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22 COMMENTS

  1. We were always told that our debt was sustainable by our political leaders until they led us into this ditch. Now they are quiet and want the technocrats like BOZ to do more talking and clean up the mess

  2. Covid 19 has found Zambia’s economy has already a weak immune system and underlying health condition

  3. Do you realize Lungu’s entire term in office the economy has been on a slow downward march? This 2.6 percent contraction will cement his dubious legacy.

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  4. BOZ governor is Economical with the truth, the contraction projected may be is far over 2.6% but always to please the ignorant president Edgar Lungu.

  5. He can’t say the truth, if he did, he could have been fired by now. Expect the so called contraction to be worse than what they are falsely claiming.

  6. Fact is if there was no economic growth before Covid-19, there can’t be economic growth after Covid-19.

    However, in every setback there is an opportunity for a comeback. We can reorganize ourselves by exploring new methods to boost our economy and thereby reduce our dependency on borrowing. Motto: away from debts to meaningful investment in local industries.

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  7. @4 Dokowe,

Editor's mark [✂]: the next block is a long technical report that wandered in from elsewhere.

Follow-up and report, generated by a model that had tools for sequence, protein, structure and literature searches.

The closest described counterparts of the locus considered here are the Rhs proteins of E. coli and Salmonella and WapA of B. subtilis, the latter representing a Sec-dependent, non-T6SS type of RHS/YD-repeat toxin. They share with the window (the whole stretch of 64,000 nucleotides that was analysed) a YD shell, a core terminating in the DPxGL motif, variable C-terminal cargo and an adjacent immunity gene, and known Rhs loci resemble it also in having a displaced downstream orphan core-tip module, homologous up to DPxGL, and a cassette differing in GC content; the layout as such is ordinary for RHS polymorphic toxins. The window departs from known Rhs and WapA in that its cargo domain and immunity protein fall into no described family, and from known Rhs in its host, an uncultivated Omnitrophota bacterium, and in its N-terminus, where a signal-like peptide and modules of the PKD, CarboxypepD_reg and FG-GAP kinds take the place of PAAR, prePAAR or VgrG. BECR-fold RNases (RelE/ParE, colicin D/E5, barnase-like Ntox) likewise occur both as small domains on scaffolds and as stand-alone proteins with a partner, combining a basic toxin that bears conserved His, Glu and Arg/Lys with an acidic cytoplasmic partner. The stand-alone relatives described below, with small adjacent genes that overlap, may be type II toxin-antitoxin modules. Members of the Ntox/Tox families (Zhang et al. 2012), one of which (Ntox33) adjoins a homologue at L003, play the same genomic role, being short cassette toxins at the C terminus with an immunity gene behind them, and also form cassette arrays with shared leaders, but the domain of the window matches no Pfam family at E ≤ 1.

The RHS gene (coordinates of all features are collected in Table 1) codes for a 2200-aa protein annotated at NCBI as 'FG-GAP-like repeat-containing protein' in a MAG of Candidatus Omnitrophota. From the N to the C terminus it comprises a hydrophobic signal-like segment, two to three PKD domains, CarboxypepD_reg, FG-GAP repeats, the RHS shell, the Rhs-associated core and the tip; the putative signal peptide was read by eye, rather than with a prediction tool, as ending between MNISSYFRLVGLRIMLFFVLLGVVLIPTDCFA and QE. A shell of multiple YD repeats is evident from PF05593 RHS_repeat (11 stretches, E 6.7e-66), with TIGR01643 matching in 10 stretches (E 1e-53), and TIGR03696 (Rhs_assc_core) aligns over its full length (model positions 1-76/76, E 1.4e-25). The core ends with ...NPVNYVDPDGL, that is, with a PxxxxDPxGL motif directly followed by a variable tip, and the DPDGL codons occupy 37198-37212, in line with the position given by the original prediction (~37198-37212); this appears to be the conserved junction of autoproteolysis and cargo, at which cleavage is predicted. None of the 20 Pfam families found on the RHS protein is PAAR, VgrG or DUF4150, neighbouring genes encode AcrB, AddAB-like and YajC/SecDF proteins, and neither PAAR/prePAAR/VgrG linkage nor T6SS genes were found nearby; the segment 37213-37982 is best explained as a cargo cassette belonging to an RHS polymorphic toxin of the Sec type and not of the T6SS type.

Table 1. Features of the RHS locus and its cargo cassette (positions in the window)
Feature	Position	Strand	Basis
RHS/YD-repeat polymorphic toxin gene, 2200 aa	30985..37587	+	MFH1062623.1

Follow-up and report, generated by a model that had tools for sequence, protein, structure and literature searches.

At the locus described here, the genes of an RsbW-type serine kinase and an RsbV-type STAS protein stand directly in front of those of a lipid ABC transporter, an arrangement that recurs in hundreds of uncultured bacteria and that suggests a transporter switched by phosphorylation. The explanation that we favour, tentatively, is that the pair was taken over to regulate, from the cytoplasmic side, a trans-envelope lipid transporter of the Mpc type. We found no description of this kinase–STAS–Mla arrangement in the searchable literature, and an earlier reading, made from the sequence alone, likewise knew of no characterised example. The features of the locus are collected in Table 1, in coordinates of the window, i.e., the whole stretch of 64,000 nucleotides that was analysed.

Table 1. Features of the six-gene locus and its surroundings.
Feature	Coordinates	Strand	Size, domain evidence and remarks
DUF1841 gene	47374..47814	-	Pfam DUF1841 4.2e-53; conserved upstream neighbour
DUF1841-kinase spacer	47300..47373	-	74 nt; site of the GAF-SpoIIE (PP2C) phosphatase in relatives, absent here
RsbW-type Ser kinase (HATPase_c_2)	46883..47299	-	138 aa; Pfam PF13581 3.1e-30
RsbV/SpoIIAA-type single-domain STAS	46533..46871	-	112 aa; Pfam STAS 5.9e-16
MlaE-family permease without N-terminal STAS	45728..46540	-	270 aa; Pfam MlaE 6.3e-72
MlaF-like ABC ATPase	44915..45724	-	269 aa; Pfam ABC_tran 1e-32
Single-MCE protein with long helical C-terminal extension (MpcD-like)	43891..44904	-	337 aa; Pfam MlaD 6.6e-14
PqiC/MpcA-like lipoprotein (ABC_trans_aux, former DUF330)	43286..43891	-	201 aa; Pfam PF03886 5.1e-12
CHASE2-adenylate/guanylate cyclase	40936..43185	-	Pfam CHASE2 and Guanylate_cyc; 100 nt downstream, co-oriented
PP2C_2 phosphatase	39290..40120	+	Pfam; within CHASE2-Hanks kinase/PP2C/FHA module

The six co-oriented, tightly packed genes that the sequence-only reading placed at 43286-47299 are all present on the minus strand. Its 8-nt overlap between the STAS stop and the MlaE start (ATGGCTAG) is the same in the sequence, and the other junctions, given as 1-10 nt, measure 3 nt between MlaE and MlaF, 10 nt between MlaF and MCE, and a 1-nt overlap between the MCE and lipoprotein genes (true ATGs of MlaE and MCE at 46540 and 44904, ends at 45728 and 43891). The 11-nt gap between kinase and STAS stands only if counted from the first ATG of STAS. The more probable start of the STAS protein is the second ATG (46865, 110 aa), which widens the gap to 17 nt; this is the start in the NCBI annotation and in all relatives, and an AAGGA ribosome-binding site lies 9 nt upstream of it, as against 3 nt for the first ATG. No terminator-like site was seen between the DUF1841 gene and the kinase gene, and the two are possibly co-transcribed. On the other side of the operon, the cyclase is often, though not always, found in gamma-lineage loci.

I fully agree with you, the projected contraction of 2,6% is very very very consevative, I would imagine the contraction is going to be in excess of 20%. This is simply because if according to Bwalya Ng’andu, from the Treasury, there is a government financing gap of at least 20 billion Kwacha ($1.09 billion) to 29 billion Kwacha projected for 2020, accounting for a whooping 40% of planned revenue, just how then could the GDP contract by a mere 2.6% during the same period? I doubt even the legendary magician Hocus Pocus can conjure such amazing magic. Someone is clearly lying because they do not know what they are doing & I bet it’s Ng’andu. They can fool fools like Nkandu Lunyo, Kainyokolola Zulu and Chagwa himself but not seasoned econonists like me. This economy is fu…

  8. @Nine Chale,
    What setback when the economy has been contracting for last 5 years? Are you just drinking beer in Germany and avoiding to think?

  9. Is that statement correct ba lipota Bama xam leaks?
    Bank of Zambia Governor Dr Denny Kalyalya says Zambia’s economy is projected to contract by 2.6 percent in 2020 from a projected 1.9 percent in 2019.
    Isn’t it ‘from a projected 1.9 percent growth?’